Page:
“Well, our church is trilingual,” said Kenneth, “English, Spanish, and Eritrean. And the Eritreans found us.” The church? “West End Presbyterian in Manhattan.”
They were naturally attracted to the Multicultural Church Dinner held on Wednesday evening June 25 during the 218th General Assembly of the Presbyterian Church (U.S.A.). The dinner was sponsored by the National Presbyterian Multicultural Network [www.presbyterianmulticulturalchurch.net/] and the General Assembly Council Office of Multicultural Ministries [www.pcusa.org/multicultural]. The Rev. Tom Taylor, deputy executive director for mission of the General Assembly Council, was the main speaker.
Taylor talked about the Tower of Babel story in Genesis 11 and the Pentecost story in Acts 2. He maintained that the presumptuous tower builders in Genesis were not punished by having their languages confounded. The creation of new tongues saved the people from themselves. “The lesson of Genesis 11,” said Taylor, “is that when we want everyone to talk and think like us, act and look like us, we are at our worst.” We are at our best when we live with our differences ˜ linguistically, theologically, culturally, and genetically.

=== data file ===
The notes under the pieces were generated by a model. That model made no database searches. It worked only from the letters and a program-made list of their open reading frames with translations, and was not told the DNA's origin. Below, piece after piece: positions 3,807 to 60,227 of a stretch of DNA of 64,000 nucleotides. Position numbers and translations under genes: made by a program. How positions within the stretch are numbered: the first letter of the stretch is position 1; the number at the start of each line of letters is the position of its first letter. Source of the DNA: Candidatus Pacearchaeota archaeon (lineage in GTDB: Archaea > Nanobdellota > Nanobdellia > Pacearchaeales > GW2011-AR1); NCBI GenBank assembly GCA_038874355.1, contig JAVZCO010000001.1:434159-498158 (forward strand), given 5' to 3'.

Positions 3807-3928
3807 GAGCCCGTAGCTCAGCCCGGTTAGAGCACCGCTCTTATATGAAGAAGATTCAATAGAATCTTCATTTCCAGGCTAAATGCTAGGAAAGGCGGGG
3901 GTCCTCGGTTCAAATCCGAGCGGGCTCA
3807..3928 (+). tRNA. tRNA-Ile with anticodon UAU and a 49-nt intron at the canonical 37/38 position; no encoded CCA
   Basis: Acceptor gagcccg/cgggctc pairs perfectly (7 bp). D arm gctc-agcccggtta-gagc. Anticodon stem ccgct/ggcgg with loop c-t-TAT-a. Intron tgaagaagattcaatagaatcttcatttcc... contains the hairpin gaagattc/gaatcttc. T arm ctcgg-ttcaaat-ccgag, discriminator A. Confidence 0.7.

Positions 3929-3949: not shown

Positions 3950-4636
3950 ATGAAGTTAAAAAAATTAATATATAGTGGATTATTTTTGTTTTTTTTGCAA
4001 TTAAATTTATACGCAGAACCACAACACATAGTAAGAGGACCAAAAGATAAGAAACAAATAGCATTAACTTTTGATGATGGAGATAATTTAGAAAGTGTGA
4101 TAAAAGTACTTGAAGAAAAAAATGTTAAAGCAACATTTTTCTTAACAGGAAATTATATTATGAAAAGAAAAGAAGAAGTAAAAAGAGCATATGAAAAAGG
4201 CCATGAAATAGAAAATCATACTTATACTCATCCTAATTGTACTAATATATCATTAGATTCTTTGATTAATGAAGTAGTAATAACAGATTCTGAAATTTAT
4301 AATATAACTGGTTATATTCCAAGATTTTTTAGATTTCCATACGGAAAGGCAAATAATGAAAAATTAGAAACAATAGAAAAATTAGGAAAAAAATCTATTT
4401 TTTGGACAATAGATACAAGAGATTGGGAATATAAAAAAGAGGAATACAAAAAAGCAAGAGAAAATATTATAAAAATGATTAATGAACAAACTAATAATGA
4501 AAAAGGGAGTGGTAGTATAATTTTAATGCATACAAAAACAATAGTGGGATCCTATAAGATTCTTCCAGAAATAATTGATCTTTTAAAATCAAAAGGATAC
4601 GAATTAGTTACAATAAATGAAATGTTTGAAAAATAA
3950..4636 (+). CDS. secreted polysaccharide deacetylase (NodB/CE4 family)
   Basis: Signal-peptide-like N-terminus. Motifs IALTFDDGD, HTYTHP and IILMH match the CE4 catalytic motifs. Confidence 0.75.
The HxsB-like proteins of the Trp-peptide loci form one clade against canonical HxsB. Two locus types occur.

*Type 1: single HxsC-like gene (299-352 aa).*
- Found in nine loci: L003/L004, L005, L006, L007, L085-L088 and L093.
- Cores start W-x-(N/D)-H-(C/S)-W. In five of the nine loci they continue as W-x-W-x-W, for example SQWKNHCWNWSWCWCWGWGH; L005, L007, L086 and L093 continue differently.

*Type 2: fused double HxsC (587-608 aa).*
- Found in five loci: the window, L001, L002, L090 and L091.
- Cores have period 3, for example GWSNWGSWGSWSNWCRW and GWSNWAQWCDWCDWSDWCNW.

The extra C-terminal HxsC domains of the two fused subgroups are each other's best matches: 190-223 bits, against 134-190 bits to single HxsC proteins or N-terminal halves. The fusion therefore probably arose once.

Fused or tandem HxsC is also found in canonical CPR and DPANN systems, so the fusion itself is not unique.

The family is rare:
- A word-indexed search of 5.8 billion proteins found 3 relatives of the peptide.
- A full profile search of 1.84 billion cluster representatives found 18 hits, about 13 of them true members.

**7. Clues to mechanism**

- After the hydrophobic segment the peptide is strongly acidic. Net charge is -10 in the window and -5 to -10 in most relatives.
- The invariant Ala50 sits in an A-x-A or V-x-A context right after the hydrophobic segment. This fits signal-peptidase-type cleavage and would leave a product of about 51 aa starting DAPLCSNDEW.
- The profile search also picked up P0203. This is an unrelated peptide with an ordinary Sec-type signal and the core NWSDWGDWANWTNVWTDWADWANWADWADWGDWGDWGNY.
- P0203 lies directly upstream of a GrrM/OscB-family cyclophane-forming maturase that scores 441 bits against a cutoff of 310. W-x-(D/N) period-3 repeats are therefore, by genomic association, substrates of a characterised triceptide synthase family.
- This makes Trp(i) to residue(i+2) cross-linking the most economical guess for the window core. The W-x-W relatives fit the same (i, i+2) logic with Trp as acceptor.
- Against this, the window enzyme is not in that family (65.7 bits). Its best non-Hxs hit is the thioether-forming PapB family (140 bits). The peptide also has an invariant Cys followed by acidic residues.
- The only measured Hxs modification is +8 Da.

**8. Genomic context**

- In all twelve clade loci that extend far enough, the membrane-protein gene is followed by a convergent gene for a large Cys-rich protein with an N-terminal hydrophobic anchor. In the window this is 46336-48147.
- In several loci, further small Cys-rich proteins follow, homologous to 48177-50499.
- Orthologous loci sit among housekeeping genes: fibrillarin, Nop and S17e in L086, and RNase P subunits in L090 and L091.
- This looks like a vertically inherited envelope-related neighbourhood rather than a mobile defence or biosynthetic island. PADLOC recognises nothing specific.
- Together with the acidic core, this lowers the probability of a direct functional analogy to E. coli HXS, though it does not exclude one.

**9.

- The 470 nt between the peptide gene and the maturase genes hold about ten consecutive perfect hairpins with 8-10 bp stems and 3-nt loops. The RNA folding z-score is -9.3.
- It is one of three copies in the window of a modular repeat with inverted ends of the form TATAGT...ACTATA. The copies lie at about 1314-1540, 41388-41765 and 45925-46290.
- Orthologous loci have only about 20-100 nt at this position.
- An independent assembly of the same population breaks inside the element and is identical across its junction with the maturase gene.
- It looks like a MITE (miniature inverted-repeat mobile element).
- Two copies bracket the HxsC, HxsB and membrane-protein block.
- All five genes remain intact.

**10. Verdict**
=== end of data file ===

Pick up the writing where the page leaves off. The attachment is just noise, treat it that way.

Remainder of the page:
Taylor said that the miracle of Pentecost does not reverse the Babel story, as often claimed. All those people from different places did not hear God’s word in one language. They heard in their many, varied languages.
“When a culture is monolithic and defensive, it remains closed into itself, and bad things happen,” Taylor said. “When a culture is broken open, it is able to receive the Spirit, and able to receive other cultures, too. That’s when good things happen.”